Australian Football has developed a unique and rich terminology.
This list is an alphabetical glossary of terms, jargon and slang.
- the magpies , an afl team from collingwood , melbourne vic
Car'n the maggies!
- the reserve team
Also known as the Twos, or nicknamed the Ressies
rhyming slang: magoos for twos
- a traditional defensive technique
A defender who plays close to an opposition forward. The opposite of zone-off.
- man in white
- an aussie rules umpire
Less affectionately known as a
obsolete: umpires now wear coloured uniforms
- main contest
- a point of play where the ball is in contest between the opposing players
- a goal
- catching or taking control of the football
One of the most distinctive features of the game, it is a skill where a player cleanly catches (i.e. is deemed to have controlled the ball for sufficient time) a kicked ball that has travelled more than 15 metres without anyone else touching it or the ball hitting the ground.
Upon marking the ball a player is entitled to an unimpeded kick.
- The nearest opposition player stands on the spot (also known as the mark) where the player marked the ball, and becomes the man on the mark. A player may choose to play on, forfeiting the set shot in the hope of pressing an advantage for his team, rather than allowing the opposition to reposition while he prepares for the free kick.
Once a player has chosen to play on, normal play resumes and the player who took the mark is again able to be tackled.The criterion for a mark is that it be caught cleanly, i.e. the player must have complete control of the ball, for any length of time. As such, if the ball is caught in one grab, and then punched out from between the player's hands, a mark is paid, even if he has held it for only an instant. Similarly, if a ball is controlled, and then dislodged by another player or the ground, the mark will still be paid. Although the rules make no provision for two players mark the ball simultaneously, by convention the umpire will award the mark to the player who has the front position in the marking contest; if he cannot determine which player is in front, then a ball-up will result. Some people claim that the origin of the term comes from the practice of a player who has just taken a mark physically marking the ground with his foot or cap to show where he took the fair catch. Others claim that the origin of the term comes from the game of marngrook, where jumping to catch the ball is called mumarki, an Aboriginal word meaning "to catch".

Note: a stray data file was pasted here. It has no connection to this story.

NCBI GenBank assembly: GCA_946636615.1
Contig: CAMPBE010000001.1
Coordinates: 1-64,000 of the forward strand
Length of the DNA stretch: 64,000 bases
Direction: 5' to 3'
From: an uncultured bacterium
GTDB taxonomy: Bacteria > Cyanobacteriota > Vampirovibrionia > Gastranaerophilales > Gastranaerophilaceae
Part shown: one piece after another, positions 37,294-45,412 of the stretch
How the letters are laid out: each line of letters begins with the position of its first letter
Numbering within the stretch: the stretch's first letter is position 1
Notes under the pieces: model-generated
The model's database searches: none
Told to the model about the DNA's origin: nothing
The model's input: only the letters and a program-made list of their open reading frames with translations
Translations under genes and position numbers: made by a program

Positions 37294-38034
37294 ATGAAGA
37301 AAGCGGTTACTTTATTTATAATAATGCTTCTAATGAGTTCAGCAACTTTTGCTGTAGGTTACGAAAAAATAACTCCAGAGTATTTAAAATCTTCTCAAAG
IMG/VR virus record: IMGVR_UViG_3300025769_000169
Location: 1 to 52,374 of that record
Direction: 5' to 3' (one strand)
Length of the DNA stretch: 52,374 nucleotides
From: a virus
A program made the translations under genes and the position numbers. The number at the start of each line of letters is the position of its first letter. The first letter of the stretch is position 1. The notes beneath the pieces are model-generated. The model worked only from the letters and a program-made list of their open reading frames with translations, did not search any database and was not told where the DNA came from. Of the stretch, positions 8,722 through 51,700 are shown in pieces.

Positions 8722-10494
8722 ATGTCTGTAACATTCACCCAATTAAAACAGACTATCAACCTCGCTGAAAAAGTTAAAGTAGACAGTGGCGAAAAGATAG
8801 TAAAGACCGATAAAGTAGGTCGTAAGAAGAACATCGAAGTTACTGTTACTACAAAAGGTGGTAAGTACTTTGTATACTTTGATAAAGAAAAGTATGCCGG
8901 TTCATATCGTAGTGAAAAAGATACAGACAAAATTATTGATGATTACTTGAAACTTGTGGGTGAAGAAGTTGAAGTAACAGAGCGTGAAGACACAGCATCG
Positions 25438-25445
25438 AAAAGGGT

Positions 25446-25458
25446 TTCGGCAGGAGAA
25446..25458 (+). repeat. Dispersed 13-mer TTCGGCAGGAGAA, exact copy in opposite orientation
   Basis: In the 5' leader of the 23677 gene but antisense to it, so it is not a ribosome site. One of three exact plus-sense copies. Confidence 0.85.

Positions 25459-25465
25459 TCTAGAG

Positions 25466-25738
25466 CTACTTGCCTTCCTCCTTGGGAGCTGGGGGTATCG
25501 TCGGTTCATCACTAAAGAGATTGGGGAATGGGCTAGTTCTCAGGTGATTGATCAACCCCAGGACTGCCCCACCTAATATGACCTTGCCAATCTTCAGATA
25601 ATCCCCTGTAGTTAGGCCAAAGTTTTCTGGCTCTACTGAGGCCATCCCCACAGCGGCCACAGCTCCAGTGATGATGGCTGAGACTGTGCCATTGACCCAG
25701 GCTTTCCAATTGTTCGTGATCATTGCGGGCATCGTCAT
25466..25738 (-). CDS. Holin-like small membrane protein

- a first nations' football game
The name given to the traditional games played at gatherings of up to fifty players, played over an extremely large area. Totemic teams were formed; however, to observers the game appeared to lack a team objective, having no real rules, scoring or winner.
Individual players who consistently exhibited outstanding skills, such as leaping high over others to mumarki meaning “to catch” were often commented on. Games were played by the Djabwurrung and Jardwadjali people and others in western Victoria, and the Wurundjeri in the Yarra Valley, the Gunai people of Gippsland, and the Riverina in south-western New South Wales.
The Warlpiri tribe of Central Australia played a very similar kicking and catching game with possum skins known as pultja. The game had a role in the formation of Australian rules football. This connection has become culturally important to many First Nations Australians, including celebrities and professional footballers from communities in which Australian rules football is highly popular.
game ball: gunditjmara language
- an unacceptable gathering of players involved in deliberate physical contact
Can lead to suspensions and fines.
- the area between the two fifty metre arcs
- a player who roams and plays within the midfield
- a call by the field umpire
Called when the football is caught in a contest and in the umpires' opinion the ball can not escape.The umpire will then perform a ball-up or a bounce to recommence play.
- a tumbling , awkward-looking kick